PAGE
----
As autumn descends on Lower Alabama and the mercury dips below 90, “Fall Collections,” “Oktoberfest” lagers and the dreaded pumpkin-infused brews appear in local bars and grocery stores. A recent stroll through the beer aisle of my neighborhood market turned up no fewer than six different brands (Shock Top, Sierra Nevada, Sam Adams, Sweetwater, Dundee and Blue Moon) offering fall variety 12-packs.
I am a sucker for these collections, and I always end up purchasing a couple of different varieties during the fall months. Most include four different varieties, and, invariably, there is always one totally unpalatable brew (usually tainted with some kind of fruit and/or spice) that sits in the bottom of my refrigerator’s beer crisper for weeks (or months).
To remedy the problem of stray beers you don’t want rattling around in your fridge until you can pawn them off on someone at your next party, but still be able to be adventurous enough to try out some different flavors, a number of local stores (including Publix, Rouses and World Market) now allow you to create your own six-pack from a collection of singles they have for sale (don’t go in and start breaking up six-packs).
This is a great way to try something new, or get just the beers you want from those collections without being stuck with the ones you don’t want. At some places you can only get certain brands by buying the singles, so it is an opportunity to try something unique.
As part of their fall lineups, a number of breweries produce an Oktoberfest beer in honor of the German beer festival, so when I put my six-pack together at my local Rouses I found five different “Oktoberfest” selections — from Sierra Nevada, Shiner, Abita, Sam Adams and Leinenkugel — and grabbed them all. Against my better judgment, but in order to stay with the fall theme, I chose one of the seasonal pumpkin beers to round out my six-pack, and penciled in an evening with my bride for a tasting party. Each beer was $1.49, so my six-pack set me back less than $10, which wasn’t too bad for some craft beers.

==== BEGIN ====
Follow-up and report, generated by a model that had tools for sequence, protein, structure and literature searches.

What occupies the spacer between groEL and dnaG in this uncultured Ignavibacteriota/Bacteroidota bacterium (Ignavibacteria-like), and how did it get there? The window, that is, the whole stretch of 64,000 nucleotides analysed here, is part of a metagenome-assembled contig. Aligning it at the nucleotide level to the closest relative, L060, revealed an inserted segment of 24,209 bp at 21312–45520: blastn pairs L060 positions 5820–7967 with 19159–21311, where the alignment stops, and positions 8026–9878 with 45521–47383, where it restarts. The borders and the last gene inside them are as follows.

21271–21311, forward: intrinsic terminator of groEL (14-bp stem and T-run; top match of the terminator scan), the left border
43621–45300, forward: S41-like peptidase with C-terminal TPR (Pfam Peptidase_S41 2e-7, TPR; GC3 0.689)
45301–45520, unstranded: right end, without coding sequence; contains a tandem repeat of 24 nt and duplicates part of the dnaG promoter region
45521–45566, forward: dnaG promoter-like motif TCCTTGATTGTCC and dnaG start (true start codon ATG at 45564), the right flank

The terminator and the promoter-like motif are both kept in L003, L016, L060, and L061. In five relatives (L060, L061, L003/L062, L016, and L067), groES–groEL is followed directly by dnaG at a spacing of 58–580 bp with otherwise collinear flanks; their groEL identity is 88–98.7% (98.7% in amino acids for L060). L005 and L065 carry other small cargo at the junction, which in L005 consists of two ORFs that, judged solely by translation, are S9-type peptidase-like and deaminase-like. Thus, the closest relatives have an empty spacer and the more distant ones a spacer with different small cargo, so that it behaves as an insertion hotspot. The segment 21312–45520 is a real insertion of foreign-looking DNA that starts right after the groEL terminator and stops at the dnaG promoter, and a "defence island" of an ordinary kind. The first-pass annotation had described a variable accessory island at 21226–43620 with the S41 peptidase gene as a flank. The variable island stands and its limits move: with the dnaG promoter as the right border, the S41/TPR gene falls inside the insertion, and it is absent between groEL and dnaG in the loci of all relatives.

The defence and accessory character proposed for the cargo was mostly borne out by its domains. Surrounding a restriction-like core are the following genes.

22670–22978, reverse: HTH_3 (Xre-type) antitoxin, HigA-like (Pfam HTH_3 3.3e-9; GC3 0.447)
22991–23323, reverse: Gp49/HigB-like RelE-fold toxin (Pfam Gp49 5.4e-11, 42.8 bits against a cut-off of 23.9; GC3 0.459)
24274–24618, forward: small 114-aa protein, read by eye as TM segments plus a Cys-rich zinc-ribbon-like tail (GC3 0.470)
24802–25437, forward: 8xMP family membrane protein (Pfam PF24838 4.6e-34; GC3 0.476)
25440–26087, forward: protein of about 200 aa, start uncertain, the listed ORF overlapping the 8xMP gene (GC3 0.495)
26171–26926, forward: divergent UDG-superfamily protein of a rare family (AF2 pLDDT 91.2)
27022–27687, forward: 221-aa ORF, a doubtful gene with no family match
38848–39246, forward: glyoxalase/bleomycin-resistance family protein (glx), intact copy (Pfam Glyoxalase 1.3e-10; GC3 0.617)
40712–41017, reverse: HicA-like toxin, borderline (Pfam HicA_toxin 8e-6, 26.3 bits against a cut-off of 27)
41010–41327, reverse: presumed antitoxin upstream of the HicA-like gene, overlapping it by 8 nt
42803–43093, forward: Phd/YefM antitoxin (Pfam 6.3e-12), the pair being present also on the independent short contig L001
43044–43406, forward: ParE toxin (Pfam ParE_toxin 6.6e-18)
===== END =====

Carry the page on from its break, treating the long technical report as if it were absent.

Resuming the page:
Four of the beers turned out to be Märzen lagers, which is the traditional beer served in Bavaria during Oktoberfest. All had a light amber, almost copper, color and good flavor — not heavy or too hoppy. We enjoyed all of them, but my wife liked the Shiner best, which was the lightest tasting of the bunch, while the Abita, which was a bit bolder with more bite, was my favorite. The Sam Adams and Leinenkugel versions were both stronger, with more malt flavors than the first two.
The Sierra Nevada Oktoberfest was much lighter in color and tasted sweeter than the others; it reminded me of a high-end German or Dutch lager. Sierra Nevada developed it in conjunction with the German beermaker Mahrs Bräu, in its annual practice of teaming with a different German brewery to develop a distinctive Oktoberfest beer. In addition to the single, it comes in its own 12-pack (not just in a collection!), and I’d highly recommend it.
Finally, we tried New Belgium’s Pumkick. Now, I am a great fan of New Belgium Brewing; Fat Tire is one of my go-to beers at home or at a bar, and I love a number of their other varieties, but this pumpkin beer was, unfortunately, as bad I had feared, and neither of us could even finish it. It was an overpowering mix of spices and pumpkin juice that just had no business being in a beer glass. So go ahead and make yourself a fall six-pack at your local grocery store, but leave the pumpkin for the pie.
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